A software tool, entitled “OCTOR,” has previously been created by Doheny Image Reading Center software engineers to facilitate viewing and manual grading of time domain OCT datasets. OCTOR is publicly accessible at http://www.diesel.la and has been described and validated in previous reports. 1820 OCTOR has recently been updated to allow analysis of SDOCT datasets (eg, Cirrus HD-OCT Macular Cube protocol), and has been renamed “3D-OCTOR” to reflect this. In a similar fashion to the original OCTOR software, 3D-OCTOR allows importation of raw OCT image data and retinal boundaries (from automated segmentation), and the generation of retinal thickness maps analogous to those produced by the OCT manufacturers' software. Much like the first generation OCTOR, 3D-OCTOR uses the dimension of the B-scan image (as specified by the manufacturer) to convert the number of pixels between the inner and outer retinal boundaries into a thickness measurement at each A-scan location. The thicknesses at all unsampled locations, between the raster scans, are then interpolated based on a linear approximation (using nearest neighbor sampling between A-scans, followed by bilinear sampling between B-scans) to yield a retinal thickness map. The precise interpolation algorithms used by Cirrus HD-OCT and other SDOCT instruments are proprietary and not publically available. 15 Therefore, to validate that the measurements provided by 3D-OCTOR were similar to those provided by Cirrus HD-OCT, thickness measurements from all nine Early Treatment of Diabetic Retinopathy Study (ETDRS) subfields were compared in all cases. 
Modulating B-scan Density
To determine the relationship between retinal thickness measurements and B-scan sampling density, 3D-OCTOR was used to re-generate retinal thickness maps after elimination of varying numbers of intervening B-scans. A total of five different B-scan densities (with even spacing of the B-scans) were evaluated: all B-scans (128 B-scans, spaced 47 μm apart), every other B-scan (total of 64 B-scans, 94 μm apart), every fourth B-scan, and so on, up to every 16th B-scan (total of 8 B-scans, 750 μm apart). Measurements for each of the EDTRS subfields and the total macular volume were computed for each sampling density (1/1, 1/2, 1/4, 1/8, 1/16).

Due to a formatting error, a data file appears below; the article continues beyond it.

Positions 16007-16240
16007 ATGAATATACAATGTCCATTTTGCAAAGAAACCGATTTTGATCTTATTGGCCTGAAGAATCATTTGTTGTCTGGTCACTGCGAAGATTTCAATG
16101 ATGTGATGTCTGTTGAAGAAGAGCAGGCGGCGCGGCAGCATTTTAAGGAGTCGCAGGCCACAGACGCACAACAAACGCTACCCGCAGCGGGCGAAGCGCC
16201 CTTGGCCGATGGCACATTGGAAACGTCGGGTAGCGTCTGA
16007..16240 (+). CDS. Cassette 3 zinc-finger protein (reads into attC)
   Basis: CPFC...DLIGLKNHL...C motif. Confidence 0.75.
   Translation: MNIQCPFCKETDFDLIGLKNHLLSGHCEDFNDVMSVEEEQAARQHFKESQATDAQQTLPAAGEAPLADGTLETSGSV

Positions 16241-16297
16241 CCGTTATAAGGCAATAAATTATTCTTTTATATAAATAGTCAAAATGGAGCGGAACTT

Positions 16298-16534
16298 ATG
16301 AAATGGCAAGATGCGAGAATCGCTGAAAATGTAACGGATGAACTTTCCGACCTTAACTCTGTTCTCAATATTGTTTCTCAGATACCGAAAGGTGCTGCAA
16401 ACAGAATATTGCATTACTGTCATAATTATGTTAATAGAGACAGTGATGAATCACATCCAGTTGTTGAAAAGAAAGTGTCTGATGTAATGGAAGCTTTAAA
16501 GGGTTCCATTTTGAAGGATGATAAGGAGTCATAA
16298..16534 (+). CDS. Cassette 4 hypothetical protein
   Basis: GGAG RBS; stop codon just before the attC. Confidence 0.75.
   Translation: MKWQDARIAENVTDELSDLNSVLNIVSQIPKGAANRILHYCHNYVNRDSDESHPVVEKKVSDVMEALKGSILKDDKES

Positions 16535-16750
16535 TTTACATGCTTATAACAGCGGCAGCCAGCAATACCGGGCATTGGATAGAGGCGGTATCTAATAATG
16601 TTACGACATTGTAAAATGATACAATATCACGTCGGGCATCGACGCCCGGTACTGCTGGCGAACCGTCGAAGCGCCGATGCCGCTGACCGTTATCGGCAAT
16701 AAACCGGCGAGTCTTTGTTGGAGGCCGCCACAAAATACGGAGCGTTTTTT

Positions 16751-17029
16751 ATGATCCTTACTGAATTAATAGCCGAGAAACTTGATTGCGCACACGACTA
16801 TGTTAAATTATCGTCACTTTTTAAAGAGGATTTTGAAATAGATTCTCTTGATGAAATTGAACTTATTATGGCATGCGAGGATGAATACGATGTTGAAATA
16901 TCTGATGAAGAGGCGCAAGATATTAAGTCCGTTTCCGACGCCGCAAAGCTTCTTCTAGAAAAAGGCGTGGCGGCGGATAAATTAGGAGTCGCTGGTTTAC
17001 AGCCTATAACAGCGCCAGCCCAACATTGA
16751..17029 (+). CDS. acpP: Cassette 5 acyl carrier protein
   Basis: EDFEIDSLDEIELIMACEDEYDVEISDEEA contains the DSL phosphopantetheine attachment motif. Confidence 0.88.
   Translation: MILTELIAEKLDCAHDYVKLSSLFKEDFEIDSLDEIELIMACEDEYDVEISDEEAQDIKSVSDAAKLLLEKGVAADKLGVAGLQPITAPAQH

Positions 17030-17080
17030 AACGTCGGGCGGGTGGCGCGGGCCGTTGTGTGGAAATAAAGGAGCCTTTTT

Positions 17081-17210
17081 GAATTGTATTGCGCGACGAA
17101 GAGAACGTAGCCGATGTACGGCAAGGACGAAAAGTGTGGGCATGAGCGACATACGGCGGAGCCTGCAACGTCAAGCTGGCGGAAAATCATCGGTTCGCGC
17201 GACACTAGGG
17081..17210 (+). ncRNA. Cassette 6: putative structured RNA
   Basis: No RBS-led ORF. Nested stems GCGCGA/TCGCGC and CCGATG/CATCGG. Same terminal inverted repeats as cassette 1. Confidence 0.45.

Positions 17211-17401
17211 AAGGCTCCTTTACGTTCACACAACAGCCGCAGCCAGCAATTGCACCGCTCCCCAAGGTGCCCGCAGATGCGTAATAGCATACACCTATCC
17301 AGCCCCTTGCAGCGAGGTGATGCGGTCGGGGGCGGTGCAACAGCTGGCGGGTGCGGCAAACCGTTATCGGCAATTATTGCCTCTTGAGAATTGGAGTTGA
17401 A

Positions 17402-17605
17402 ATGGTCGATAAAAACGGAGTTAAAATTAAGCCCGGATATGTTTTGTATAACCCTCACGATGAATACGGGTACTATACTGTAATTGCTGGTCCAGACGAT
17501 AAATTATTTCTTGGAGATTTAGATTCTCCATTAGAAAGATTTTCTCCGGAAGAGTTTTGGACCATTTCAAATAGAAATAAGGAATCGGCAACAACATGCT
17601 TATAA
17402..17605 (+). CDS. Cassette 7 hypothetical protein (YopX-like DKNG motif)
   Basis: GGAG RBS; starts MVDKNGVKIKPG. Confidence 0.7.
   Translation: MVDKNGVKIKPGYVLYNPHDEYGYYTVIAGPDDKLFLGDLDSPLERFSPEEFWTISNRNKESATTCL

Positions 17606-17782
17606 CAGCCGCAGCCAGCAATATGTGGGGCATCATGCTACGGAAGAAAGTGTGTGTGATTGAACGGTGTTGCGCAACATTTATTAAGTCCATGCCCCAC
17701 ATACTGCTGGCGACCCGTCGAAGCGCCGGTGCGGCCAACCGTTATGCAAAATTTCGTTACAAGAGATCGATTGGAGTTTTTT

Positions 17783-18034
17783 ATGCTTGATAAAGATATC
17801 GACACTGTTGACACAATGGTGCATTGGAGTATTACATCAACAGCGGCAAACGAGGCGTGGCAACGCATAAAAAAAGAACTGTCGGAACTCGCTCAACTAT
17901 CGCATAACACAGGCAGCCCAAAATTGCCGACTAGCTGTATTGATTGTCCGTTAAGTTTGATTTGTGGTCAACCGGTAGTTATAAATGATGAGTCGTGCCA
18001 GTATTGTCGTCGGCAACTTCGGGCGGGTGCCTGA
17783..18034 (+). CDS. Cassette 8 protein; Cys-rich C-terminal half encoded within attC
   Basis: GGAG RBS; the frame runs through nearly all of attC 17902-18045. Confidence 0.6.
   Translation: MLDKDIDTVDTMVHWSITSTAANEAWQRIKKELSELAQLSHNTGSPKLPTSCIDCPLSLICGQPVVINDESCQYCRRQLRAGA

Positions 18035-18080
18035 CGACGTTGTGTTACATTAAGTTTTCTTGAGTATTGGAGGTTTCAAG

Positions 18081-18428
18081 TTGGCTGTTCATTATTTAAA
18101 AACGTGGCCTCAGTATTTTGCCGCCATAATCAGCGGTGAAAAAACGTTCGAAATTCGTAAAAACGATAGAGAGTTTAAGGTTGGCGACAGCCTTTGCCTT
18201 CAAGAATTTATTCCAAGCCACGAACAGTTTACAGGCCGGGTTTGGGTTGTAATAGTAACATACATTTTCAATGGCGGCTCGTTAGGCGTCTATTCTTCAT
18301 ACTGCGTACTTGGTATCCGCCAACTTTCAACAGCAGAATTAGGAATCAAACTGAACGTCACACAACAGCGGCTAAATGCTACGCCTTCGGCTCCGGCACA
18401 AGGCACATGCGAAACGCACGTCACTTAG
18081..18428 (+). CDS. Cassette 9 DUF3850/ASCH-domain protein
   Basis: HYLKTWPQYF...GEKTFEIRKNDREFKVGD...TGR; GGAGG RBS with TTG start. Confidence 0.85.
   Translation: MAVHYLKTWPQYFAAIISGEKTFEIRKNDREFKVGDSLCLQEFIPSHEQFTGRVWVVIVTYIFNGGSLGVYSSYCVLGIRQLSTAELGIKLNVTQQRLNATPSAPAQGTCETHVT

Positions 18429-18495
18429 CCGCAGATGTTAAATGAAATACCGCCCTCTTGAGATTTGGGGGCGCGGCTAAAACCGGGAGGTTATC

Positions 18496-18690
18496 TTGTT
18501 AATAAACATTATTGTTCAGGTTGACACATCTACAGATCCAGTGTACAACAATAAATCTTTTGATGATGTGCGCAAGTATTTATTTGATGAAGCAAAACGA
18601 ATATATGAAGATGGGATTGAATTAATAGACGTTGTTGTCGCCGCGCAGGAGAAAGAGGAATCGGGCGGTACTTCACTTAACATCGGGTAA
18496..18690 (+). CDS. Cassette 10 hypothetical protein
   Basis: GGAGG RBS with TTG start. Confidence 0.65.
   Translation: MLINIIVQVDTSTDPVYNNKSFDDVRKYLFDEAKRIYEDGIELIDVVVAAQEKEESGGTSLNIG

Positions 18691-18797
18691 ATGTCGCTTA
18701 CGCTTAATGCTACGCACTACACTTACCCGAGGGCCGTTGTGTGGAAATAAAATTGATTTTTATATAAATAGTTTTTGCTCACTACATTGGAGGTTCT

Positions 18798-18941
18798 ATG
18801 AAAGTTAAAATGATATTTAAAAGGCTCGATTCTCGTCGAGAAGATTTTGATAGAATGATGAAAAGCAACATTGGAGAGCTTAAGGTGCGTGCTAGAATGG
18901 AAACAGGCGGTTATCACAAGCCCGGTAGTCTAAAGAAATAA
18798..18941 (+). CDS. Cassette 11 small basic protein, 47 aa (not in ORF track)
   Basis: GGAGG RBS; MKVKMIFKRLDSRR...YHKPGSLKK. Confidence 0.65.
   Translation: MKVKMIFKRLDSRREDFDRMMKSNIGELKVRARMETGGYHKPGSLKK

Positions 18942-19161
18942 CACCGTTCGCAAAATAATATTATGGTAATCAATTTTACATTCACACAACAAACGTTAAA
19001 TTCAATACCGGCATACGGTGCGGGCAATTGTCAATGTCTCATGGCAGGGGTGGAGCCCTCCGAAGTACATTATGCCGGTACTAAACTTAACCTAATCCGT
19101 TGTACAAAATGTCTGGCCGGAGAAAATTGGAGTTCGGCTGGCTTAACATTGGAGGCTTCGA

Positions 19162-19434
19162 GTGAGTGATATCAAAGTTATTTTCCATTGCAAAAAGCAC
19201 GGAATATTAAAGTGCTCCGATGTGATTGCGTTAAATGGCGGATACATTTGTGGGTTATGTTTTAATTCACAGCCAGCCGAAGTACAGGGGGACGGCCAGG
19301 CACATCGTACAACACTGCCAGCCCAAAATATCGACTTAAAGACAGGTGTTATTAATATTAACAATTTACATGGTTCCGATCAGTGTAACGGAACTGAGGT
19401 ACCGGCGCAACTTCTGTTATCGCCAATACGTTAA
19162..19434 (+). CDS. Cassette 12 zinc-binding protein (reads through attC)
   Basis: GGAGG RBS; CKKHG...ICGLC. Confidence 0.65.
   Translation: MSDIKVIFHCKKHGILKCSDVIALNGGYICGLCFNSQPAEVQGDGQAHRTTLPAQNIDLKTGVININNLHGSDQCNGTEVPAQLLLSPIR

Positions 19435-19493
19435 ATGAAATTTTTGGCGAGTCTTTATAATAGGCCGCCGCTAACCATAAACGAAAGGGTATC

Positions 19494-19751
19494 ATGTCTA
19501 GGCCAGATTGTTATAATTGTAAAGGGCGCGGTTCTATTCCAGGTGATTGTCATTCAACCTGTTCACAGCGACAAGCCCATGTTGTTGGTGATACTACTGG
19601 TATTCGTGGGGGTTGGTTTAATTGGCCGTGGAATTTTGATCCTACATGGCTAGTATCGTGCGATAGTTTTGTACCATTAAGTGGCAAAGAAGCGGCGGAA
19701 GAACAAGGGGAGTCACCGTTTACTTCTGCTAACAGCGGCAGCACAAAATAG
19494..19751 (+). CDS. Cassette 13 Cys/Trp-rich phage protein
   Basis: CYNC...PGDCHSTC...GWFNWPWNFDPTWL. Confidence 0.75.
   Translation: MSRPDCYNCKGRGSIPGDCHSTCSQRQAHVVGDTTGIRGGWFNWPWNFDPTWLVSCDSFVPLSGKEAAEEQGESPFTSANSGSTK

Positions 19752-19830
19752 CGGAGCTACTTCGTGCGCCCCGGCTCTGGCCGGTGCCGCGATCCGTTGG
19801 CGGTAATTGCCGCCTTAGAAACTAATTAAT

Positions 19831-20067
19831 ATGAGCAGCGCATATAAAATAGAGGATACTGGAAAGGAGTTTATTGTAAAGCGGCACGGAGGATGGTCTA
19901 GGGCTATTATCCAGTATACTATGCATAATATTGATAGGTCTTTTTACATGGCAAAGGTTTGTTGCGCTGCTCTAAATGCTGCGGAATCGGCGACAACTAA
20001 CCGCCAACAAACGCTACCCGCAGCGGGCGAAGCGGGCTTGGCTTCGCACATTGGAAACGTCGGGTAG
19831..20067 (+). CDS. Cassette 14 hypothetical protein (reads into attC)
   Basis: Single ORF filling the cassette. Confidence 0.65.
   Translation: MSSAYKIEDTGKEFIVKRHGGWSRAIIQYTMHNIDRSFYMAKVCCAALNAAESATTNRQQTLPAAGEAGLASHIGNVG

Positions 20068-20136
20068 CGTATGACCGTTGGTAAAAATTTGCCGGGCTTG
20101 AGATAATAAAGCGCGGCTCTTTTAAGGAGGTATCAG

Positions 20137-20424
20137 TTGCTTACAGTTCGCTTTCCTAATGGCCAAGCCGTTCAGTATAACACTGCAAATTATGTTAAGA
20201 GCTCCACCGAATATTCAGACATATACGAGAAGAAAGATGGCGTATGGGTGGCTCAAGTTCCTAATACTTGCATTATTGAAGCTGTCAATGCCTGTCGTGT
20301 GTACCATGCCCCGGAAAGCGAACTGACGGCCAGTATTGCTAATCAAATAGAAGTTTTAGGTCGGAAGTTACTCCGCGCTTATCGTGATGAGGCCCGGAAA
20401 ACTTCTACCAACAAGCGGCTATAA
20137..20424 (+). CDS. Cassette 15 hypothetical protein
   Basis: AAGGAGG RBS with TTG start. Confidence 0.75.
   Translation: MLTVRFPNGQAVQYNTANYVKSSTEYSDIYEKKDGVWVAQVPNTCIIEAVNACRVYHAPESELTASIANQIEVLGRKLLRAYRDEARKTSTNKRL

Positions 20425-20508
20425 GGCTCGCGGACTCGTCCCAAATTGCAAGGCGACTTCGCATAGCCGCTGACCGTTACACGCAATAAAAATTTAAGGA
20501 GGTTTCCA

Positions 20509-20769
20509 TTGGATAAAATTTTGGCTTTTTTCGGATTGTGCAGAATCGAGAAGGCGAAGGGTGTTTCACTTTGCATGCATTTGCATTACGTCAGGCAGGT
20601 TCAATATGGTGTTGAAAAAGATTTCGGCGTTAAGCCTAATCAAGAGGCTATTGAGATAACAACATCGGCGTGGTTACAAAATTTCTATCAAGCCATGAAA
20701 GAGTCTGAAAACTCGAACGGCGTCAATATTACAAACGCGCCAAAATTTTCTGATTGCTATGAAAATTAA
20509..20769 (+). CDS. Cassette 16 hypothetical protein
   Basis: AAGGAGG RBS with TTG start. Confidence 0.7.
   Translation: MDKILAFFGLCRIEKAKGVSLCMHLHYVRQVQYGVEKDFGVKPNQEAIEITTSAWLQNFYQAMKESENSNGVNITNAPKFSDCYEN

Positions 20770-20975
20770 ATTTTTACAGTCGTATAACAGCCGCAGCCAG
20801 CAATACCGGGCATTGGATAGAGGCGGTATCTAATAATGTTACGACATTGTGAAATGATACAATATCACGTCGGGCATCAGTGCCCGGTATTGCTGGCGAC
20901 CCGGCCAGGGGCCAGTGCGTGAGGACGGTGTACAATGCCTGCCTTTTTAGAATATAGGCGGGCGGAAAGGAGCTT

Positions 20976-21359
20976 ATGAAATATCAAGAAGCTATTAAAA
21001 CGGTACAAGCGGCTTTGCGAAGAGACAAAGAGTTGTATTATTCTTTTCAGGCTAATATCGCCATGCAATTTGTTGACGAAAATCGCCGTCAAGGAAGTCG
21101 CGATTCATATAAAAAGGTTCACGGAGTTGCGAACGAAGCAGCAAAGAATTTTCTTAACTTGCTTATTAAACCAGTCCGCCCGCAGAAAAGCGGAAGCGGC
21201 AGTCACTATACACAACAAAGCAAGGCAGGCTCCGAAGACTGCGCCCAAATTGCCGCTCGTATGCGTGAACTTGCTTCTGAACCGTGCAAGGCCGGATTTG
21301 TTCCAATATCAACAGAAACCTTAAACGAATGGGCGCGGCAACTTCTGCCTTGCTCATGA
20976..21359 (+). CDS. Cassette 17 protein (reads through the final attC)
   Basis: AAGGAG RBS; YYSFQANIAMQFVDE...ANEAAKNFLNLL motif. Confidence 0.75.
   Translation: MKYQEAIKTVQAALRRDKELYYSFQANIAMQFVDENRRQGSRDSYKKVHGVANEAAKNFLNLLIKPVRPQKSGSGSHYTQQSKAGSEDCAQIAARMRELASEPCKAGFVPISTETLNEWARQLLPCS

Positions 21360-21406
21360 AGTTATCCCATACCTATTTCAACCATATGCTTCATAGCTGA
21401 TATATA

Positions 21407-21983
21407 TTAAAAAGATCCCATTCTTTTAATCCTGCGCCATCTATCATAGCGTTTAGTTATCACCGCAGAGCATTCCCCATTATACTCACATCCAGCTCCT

Statistical Methods
The retinal thickness measurements computed using all available B-scans in the Macular Cube protocol (ie, 1:1) were considered the “ground-truth” to which measurements from all other sampling densities were compared. For each case, the difference (“error”) from the ground-truth value for the FCS, and the total macular volume, was calculated for each sampling density. Mean differences were calculated using absolute values (as opposed to a simple mean, which could potentially mask or minimize apparent differences). Relative (percentage) differences were calculated by dividing the value of the difference between the two measurements by the mean of the two measurements, and multiplying by 100). Bland-Altman plots were generated to facilitate comparisons between values for each B-scan sampling density and ground-truth measurements. The effect of disease diagnosis on mean error was also studied. All statistical analysis was performed using commercially available software (Intercooled Stata for Windows, Version 9; Statacorp LP, College Station, TX). The accepted level of significance for all tests was P ≤ 0.05. 
Results
Demographic Characteristics
A total of 115 consecutive cases of patients imaged with the Cirrus HD-OCT at the Doheny Eye Institute Ophthalmic Imaging Unity, using the Macular Cube (512 × 128) volume scan protocol, met the criteria for inclusion in the series. The mean age of the patients was 63 years, and 47% were women. The primary referring diagnosis in the selected cases was retinal vascular disease (eg, diabetic retinopathy, retinal vein occlusion) in 34 cases (29.6%), choroidal vascular disease (eg, neovascular AMD) in 11 cases (9.6%), and abnormalities of the vitreomacular interface (eg, vitreomacular traction, epiretinal membrane) in 24 cases (20.9%). A more detailed breakdown of all disease groups, with exact disease diagnoses, is provided in Table 1
Table 1.
 
Baseline Characteristics–Disease Diagnosis
Table 1.
 
Baseline Characteristics–Disease Diagnosis
Primary Disease Diagnosis n
Retinal vascular disease
    Diabetic retinopathy 27
    Retinal vein occlusion 7
Age-related macular degeneration
    Non-neovascular 12
    Neovascular 10
Vitreomacular interface abnormalities
    Epiretinal membrane 22
    Vitreomacular traction 2
Other
    Uveitis 11
    Post retinal detachment repair 8
    Retinitis pigmentosa 7
    Pseudophakic CME 4
    Chronic CSCR 2
    Pathologic myopia 2
    Idiopathic CNV 1
Comparison of 3D-OCTOR Interpolation and Cirrus HD-OCT Interpolation Algorithms
Table 2 illustrates the level of agreement between the interpolation methods used by 3D-OCTOR and Cirrus HD-OCT, when the two methods were applied to the same Cirrus-obtained retinal boundaries. A Bland-Altman plot of the mean difference between the two analysis methods for the FCS thickness is shown in Figure 2